By Brian Maher
Today we reveal the precise date of the next market drop.
When is it… why that specific date… and what will cause it?
First the backstory…
Market strategist Kevin Muir began noticing strange doings in 2011…
Some mornings stocks would rise for no apparent reason… as from the stroke of an enchanter’s wand.
No news, no rumors — no rumors of rumors — justified the moves:
I tried to understand what was driving the markets at every point. I focused on technical levels, monitored the news and spent way too long staring at the screens.
But on some days, the stock market would get mysteriously strong. It would usually occur midmorning. Often stocks would sag near the open, look like they wanted to break lower, when all of a sudden — out of the blue — stocks would go bid. I couldn’t understand it. There was no “reason” why they should be rising. Yet they did.
Muir flogged his aching brain.
No answers were issuing.
But one day he stubbed his toe on the answer…
These unexplained surges occurred only on specific days.
What days were these?
Days of quantitative easing — when the Federal Reserve expanded its balance sheet through bond purchases.
The scales fell away from his eyes… like Paul on the way to Damascus:
I know it seems crazy, but the Federal Reserve’s bond buying had a direct and immediate effect on the stock market. I don’t know why the relationship would be so unequivocal, but I learned the hard way not to fight the Fed on days when they [expanded their balance sheet].
We know quantitative easing worked miracles for stocks — but the same day?
Was Muir chasing a phantom?
Sometimes a fellow connects some random dots and his imagination runs off with him.
But he tortured his theory… worried it… ran it through the rollers.
Then he started over again.
His observations proved solid as oak.
And the larger the Fed’s bond purchases… the higher stocks rose that day.
Now jump forward…
Quantitative easing has yielded to quantitative tightening.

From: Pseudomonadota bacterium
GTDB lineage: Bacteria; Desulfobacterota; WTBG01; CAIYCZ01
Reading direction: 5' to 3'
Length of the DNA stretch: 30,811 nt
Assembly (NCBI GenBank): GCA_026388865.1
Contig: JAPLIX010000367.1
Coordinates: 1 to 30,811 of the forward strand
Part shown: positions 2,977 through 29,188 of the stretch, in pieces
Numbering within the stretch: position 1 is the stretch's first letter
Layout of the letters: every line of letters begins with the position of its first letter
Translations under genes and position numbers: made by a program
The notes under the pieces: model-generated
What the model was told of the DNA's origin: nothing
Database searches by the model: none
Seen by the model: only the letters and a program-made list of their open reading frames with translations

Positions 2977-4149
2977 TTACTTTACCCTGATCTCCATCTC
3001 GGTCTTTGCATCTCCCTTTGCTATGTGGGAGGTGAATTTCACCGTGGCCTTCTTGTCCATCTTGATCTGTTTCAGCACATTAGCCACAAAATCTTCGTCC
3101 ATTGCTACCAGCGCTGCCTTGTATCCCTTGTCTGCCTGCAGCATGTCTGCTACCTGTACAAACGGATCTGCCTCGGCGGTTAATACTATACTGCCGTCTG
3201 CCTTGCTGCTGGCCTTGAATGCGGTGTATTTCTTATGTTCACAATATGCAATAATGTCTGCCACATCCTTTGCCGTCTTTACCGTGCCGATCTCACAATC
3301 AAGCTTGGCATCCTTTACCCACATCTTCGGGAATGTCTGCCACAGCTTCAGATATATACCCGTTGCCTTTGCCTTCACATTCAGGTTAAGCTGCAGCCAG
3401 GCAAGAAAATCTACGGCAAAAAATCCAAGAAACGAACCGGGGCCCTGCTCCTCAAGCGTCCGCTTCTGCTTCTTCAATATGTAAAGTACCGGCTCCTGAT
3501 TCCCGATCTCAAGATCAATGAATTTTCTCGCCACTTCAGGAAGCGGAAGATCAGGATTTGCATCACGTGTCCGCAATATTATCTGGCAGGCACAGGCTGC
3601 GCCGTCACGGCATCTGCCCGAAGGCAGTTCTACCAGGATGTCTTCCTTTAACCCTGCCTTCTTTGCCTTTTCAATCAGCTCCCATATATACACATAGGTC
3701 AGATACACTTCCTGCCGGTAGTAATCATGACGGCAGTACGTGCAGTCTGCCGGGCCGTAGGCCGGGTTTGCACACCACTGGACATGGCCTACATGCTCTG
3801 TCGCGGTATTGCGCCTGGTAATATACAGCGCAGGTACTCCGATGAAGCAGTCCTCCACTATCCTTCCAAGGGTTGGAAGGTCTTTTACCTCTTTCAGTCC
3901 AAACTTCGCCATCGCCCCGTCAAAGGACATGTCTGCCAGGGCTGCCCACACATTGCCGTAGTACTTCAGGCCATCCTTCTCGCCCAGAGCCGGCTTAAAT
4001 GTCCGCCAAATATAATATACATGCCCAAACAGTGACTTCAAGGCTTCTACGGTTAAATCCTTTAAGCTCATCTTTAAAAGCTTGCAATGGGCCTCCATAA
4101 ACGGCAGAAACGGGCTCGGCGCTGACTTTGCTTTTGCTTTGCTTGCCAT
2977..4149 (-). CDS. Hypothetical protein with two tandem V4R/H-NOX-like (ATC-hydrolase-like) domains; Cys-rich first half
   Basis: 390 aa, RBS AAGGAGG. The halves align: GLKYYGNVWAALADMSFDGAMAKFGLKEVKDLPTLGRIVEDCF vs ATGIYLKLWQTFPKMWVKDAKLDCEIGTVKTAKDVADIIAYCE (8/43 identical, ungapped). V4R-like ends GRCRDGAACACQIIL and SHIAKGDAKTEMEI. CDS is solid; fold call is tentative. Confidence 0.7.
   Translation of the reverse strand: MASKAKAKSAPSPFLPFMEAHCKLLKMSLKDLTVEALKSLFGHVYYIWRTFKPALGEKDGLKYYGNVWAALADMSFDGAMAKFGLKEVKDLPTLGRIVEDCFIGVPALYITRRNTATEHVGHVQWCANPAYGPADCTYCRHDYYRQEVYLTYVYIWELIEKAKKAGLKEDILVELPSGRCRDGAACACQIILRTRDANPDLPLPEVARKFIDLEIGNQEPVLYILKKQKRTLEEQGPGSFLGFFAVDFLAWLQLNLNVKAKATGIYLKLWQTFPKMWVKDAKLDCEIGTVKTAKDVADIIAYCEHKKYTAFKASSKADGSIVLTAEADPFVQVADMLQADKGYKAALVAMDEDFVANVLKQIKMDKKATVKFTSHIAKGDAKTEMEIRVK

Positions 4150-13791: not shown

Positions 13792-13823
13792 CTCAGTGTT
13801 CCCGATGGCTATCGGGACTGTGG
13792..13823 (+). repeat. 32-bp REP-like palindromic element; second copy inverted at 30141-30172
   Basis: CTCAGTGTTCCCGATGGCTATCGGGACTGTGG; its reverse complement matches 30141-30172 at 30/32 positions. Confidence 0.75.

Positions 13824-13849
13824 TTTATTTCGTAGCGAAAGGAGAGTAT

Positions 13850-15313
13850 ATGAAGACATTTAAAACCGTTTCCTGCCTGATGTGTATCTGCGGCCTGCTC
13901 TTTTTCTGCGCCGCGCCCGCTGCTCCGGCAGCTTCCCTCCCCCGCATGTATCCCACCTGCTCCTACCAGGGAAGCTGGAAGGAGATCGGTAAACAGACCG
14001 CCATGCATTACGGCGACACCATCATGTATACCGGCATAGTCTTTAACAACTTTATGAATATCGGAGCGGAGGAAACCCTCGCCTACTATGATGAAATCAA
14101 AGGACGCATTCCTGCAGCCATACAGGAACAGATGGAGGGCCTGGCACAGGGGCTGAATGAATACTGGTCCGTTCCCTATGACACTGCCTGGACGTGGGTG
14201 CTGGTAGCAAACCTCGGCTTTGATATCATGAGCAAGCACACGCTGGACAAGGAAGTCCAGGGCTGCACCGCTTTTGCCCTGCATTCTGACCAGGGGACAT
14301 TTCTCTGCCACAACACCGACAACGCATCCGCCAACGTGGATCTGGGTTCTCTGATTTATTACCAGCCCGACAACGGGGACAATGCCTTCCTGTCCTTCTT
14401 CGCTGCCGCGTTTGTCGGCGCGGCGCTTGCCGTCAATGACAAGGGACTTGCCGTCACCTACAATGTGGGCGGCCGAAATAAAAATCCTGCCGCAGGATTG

Associate Wolf Richter informs us over $100 billion has already rolled off the Fed’s $4.3 trillion balance sheet.
That balance sheet is presently perched at its lowest point since June 2014.
And the trimming is gathering pace:
Could this chart partly explain why the Dow Jones is down since the beginning of the year?
And why the S&P is essentially flat?
Yes, trade wars and other bugaboos have settled over the market like a London fog.
But stocks have barreled their way through every fog bank for the past several years.
Why stop now?
Might we find our answer in the balance sheet?
A plausible theory, you say.
But the trade war thesis is more convincing.
It’s more evidence you seek.
For your consideration, Exhibit B, coming by way of Martingale_Macro:
The dates on the left represent days when expiring bonds rolled off the Fed’s balance sheet.
That is to say, days of quantitative tightening.
To the right you will find that the S&P fell on each occasion — as much as 2.2%.
In total, the Fed has offloaded $117.9 billion this year.
And the S&P has shed a combined 4.7% on the days it tightened.
You will note one exception to this pattern… and that exception is Jan. 31.
The S&P was level that day.
The S&P spent the entire month of January in an advanced condition of delirium.
Rising 5.6%, it was the S&P’s gaudiest January since 1997.
Perhaps, just perhaps, this momentum overpowered the Fed’s negative tug?
But we opened today’s reckoning promising to reveal the exact date of the next market drop…
The Fed openly publishes its portfolio — including the dates its bond holdings reach maturity.
And the next significant maturity date is…
May 31 is the date of the next drop.
On that date, the aforesaid Kevin Muir informs us, nearly $29 billion drops off the balance sheet.
That is the largest balance sheet roll-off to date.
“Watch out below,” warns Mr. Muir.
Unlike January… the market seems poised upon a teeter-totter.
And the S&P has no momentum behind it to counter the blow.
Mind you, we do not forecast a cataclysm — but a substantially negative May 31.
So you can go ahead and put us down for it.
The S&P will sink May 31.
We’ll devour every one of these 761 words — without salt.
Managing editor, The Daily Reckoning
From:: Daily Reckoning